5. “Jo and Hermon” ~~ The Wanderer and The Monument Maker ~~ Story # 2: MacNeil Month 2021 ~~ (6) ~ JO Davidson  ~ Adventurer  ~ ~ Hermon MacNeil ~ .
 

Judge Thomas Burke Monument, Seattle, Washington by Hermon A. MacNeil


1930 ~ Judge Thomas Burke Memorial by MacNeil

In February 1886, Judge Thomas Burke addressed an angry mob rioting against Chinese immigrants. 

(The Judge’s public appeal occurred in the same year that MacNeil was being born over 3,000 miles away in Everett, Massachusetts), [ 135 years later, Anti-Asian bigotry and Violence against Asians appear to be nothing new . ]

“Judge Thomas Burke played a key role in calming Seattle during the anti-Chinese riots, which occurred in February 1886. Addressing a hostile audience, Burke called upon his considerable stump speaking abilities — one commentator said the Burke “had the golden gift of eloquence which has been likened to that of Patrick Henry” — to point out that minority rights must be respected. Burke also told his listeners that they should be concerned with the city’s reputation. The riots were settled by cooler heads and by the intervention of the 14th U.S. Infantry.” [Source: Thomas Burke (railroad builder)]

Forty-four years later,

Hermon A. MacNeil

was commissioned to sculpt a fitting memorial to this heroic, civic pioneer of Seattle, Washington. 

The Memorial to Judge Thomas Burke (designed in partnership with famous architect Carl F. Gould* also an 1898-1903 student at École des Beaux Arts in Paris) exhibits MacNeil’s classic Beaux Arts design and allegorical figures. 

Beneath the bronze bas relief of  Burke’s profile, the engraved stone pilaster  reads:  “Patriot, Jurist, Orator, Friend, Patron of Education, First of every Movement for the Advancement of the City and State, Seattle’s Foremost and Best Beloved Citizen.”

 

 

 

 

 

 

Judge Thomas Burke

1930 ~  Thomas Burke

          — Remembered as a Railroad Builder

“Burke came to Seattle in 1875 and formed a law partnership with John J. McGilvra; he soon married McGilvra’s daughter Caroline.[2] He established himself as a civic activist: one of his first projects was to raise funds for a planked walkway from roughly the corner of First and Pike (now site of Pike Place Market) through Belltown to Lake Union.[7]

Cartoon of Thomas Burke, railroad man

He served as probate judge 1876-1880[8] and as chief justice of the Washington Territorial Supreme Court in 1888.[3]

“Irish as a clay pipe,”[9] and well liked by early Seattle’s largely Irish working class, as a lawyer Burke was well known for collecting large fees from his wealthy clients and providing free legal services for the poor.  [Source: Thomas Burke (railroad builder)]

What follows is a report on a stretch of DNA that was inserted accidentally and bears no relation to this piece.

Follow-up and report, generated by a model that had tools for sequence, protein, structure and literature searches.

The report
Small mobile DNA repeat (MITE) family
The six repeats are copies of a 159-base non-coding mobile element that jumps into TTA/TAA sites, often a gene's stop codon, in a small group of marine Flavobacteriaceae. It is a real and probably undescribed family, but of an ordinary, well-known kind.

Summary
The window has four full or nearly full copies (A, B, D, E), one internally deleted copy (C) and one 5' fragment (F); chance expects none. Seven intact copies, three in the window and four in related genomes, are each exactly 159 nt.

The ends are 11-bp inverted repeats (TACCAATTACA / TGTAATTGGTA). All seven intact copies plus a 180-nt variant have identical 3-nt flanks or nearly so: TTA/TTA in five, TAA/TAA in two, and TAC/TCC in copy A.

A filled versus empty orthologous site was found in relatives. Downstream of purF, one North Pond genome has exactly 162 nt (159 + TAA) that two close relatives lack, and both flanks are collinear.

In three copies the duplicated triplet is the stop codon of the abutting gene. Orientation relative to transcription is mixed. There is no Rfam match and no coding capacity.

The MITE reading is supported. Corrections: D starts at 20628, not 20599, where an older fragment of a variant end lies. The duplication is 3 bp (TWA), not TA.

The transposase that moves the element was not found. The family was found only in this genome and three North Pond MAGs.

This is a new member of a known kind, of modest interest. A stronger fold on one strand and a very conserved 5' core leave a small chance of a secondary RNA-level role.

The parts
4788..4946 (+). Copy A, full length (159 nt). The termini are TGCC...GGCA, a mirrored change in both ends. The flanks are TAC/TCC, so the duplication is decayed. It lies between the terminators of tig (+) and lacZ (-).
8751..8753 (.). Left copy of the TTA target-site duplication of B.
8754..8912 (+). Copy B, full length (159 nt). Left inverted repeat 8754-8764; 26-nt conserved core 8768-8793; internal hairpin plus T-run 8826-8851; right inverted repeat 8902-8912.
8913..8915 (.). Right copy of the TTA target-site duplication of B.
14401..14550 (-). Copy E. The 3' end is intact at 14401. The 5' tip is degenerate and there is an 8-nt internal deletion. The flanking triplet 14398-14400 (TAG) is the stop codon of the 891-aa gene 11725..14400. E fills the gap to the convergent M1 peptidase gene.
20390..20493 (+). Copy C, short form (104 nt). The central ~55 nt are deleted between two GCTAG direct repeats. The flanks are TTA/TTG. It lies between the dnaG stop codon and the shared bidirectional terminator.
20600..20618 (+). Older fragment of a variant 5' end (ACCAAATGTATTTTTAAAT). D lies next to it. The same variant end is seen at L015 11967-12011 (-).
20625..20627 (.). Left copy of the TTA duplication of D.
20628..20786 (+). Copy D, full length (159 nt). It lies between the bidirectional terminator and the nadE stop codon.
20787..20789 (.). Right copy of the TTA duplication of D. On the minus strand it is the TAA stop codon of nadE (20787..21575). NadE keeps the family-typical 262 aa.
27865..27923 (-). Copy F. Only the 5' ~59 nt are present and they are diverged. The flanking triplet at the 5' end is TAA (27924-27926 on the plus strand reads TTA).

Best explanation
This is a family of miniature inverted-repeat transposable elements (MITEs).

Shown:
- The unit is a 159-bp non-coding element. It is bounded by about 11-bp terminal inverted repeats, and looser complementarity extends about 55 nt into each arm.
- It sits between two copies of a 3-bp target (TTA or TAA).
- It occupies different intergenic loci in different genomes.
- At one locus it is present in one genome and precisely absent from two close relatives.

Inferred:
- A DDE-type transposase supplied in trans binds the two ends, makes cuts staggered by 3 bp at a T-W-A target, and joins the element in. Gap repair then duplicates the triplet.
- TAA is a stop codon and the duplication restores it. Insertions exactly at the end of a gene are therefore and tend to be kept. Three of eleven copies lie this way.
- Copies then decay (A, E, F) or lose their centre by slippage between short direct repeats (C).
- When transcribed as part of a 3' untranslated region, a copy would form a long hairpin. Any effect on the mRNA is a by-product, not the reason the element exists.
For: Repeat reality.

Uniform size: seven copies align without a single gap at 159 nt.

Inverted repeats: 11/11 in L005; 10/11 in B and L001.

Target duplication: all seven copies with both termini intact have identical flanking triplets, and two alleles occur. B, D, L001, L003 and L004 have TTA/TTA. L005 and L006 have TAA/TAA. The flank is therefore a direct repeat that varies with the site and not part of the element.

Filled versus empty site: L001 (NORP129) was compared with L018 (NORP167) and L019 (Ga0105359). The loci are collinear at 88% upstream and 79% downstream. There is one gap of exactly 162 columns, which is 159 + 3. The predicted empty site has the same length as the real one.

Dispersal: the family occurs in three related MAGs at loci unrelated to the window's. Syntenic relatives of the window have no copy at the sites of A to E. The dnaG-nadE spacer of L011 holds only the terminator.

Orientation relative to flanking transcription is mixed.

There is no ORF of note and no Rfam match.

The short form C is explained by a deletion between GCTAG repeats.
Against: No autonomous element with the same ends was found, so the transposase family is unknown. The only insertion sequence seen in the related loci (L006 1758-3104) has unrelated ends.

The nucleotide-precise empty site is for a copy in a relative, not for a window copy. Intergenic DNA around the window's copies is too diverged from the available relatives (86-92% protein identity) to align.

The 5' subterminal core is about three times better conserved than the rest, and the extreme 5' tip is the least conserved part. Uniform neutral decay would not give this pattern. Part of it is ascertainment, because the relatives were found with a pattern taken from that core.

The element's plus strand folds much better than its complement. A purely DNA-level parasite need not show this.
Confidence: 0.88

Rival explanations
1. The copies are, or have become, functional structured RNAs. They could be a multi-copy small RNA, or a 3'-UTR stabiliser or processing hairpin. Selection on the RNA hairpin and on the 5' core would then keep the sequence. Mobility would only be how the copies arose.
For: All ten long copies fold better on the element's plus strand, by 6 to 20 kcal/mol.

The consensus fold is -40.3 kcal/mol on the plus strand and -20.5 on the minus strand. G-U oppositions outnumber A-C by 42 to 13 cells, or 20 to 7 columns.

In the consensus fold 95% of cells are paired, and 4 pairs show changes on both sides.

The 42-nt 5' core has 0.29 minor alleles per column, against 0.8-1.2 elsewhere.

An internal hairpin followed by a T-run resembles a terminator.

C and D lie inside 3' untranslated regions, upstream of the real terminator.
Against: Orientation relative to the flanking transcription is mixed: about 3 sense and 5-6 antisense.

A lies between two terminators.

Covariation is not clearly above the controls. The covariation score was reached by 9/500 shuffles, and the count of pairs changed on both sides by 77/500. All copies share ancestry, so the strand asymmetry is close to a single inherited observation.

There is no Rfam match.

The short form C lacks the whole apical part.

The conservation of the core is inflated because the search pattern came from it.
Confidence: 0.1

With a open-heart for the poor and immigrants, Thomas Burke rose not only in the legal profession, but also as a probate judge and later Chief Justice of the Supreme Court of Washington Territory.  He remained a civic and national leader until his dying breathe at age 76.

“Thomas Burke collapsed on December 4, 1925, while addressing the board of the Carnegie Endowment in New York City. Dr. Nicholas Murray Butler, president of Columbia University, caught him as he fell. He wrote that Burke died “in the midst of an eloquent and unfinished sentence which expressed the high ideals of international conduct.”  [Source: Thomas Burke (railroad builder)]

Thomas Burke – – – A man well remembered (Obituary HERE)

Hermon MacNeil – – – A Sculptor of Memorials

Related posts:

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  2. Supreme Court Justice Ruth Bader Ginsburg ~~~ has DIED this evening! (5) Ruth Bader Ginsburg has died.  She was the first Jewish…
  3. Happy Birthday Mr. Lincoln! ~ MacNeil’s Sculpture Released from Vault ~ MacNeil Month #4 (4)   Abe Lincoln will be a little late for his…
  4. Presidents Day 2020 ~~ MacNeil Month ~~ Wm. McKinley ~~ Abe Lincoln ~~ Geo. Washington ~~ “THEY ARE ALL THERE” — H.A MacNeil’s Sculptures of 3 Presidents ~~ (4)  “They are still there” celebrates several re-visits and discoveries of…
  5. “Confederate Defenders Monument” Spray Painted on May 30, 2020. (4)     May 30, 2020; Six Weeks ago the “Confederate…
  6. “MacNeil Medallion” generates new Photos of Flushing’s Lady Liberty (4) In Flushing, New York, The World War Monument by Hermon…

PAN                                              MINERVA

 Two bas relief panels by Hermon A. MacNeil have been discovered.  PAN on the left – MINERVA on the right.

They have remained virtually hidden for  over 100 years.

Their original installation and images are verified, but their continued deposition as of 2021 remains uncertain.

The above article from 1916 accompanied the the photos of Pan and Minerva in The International Studio, Vol 59, p LVIII.